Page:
Well, just think of all those times when you ask pupils to create poster-like documents to make use of their recently-acquired knowledge and ability to talk about their home, pets, school, whatever. The default medium is usually Word, which is fine in many ways, but the point about Glogster is that it reflects much more closely the way kids are used to being creative when they are playing about on their Facebooks or wherever they spend their evenings and weekends. Have a look at it and you’ll see what I mean. I tried one out fairly randomly, just to see how it operates. The rather tragic result is shown above as an image: the real thing may be seen here.

One limitation concerns (as so often) the acceptance of accented characters – you are restricted to one Arial-style font for this. One thing I didn’t get to work is the rather cool way images can be made to zoom out when selected. But it’s capable of really striking things when you put your mind to it. Just look at this extraordinary one about Hallowe’en!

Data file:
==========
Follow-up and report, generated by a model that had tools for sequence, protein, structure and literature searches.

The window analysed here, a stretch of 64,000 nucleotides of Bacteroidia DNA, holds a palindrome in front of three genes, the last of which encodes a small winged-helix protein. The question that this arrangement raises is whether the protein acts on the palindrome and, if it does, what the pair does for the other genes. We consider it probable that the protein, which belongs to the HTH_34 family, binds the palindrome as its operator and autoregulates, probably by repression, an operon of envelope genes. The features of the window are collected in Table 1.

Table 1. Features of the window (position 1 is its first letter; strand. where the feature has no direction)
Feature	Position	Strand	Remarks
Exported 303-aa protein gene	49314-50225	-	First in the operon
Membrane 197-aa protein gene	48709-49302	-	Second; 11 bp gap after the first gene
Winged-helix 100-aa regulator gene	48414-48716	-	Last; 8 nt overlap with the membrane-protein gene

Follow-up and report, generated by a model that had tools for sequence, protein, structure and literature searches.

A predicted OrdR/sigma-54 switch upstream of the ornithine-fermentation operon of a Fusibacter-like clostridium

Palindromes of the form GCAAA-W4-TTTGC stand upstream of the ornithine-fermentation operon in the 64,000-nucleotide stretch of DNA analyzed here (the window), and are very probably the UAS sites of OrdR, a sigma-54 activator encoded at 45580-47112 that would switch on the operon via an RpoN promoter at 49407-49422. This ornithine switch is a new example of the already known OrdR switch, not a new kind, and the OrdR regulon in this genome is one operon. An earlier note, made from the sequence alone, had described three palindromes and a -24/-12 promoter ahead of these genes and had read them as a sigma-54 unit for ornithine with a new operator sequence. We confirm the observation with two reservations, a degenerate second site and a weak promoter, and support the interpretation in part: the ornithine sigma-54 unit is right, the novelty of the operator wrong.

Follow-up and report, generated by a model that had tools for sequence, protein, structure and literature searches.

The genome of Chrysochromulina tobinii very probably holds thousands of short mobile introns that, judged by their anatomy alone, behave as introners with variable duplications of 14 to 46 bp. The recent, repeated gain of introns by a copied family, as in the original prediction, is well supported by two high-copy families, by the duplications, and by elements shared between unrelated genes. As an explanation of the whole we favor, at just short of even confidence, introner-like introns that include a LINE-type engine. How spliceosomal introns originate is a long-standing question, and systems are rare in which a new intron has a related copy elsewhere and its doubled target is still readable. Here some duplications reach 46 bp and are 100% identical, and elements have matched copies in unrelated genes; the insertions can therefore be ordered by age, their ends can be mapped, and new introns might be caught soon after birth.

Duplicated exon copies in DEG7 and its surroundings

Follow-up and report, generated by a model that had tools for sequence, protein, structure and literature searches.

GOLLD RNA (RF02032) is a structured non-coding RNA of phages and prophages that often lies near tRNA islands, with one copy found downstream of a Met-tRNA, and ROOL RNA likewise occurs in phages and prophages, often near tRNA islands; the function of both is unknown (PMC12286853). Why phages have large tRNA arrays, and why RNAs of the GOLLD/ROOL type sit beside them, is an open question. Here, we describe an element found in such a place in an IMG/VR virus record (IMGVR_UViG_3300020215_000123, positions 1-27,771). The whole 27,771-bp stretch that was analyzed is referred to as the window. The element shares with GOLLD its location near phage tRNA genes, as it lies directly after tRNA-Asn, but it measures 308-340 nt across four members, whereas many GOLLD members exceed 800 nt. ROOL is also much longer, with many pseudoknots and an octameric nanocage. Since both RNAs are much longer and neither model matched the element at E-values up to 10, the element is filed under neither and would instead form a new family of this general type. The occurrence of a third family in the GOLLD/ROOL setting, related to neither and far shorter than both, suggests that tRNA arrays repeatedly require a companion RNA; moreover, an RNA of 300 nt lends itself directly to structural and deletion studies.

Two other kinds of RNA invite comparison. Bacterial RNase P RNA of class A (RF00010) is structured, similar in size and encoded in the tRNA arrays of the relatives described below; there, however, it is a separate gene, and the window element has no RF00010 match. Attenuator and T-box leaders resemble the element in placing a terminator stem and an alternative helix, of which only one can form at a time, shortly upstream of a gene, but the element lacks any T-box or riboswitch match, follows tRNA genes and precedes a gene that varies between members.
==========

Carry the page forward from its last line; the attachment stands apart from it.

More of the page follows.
Worth a try next time your pupils want to create a poster? I think so.


Cartoons (last word?)

Let’s put this topic to rest for the moment by highlighting two other useful sites that let you or your pupils create their own cartoon strips – Toondoo and GoAnimate!. There are lots of other such sites on the web, such as Toonlet and Bitstrips – the latter has the appealing trick of allowing you to create a  customised cartoon persona that you can make look quite like yourself, if you fancy that – but I’ve had a go at the aforementioned myself and had pupils try them out with a fair degree of success, so I think they are worth looking at.

Toondoo does what most such sites do, ie allows you to put together a cartoon made of a number of frames using backgrounds, characters and items chosen from pre-populated libraries. These are very rich, so you won’t quickly run out of possibilities! Perhaps because of this, the site can be a bit slow, which is the only real drawback. A big plus, however, is the fact that you can save your finished creations as image files and so use them other than as links to the Toondoo site. As in the (fairly mediocre) example above, which is also online at the site. I had some pupils use it last year as a homework, which they seemed to enjoy.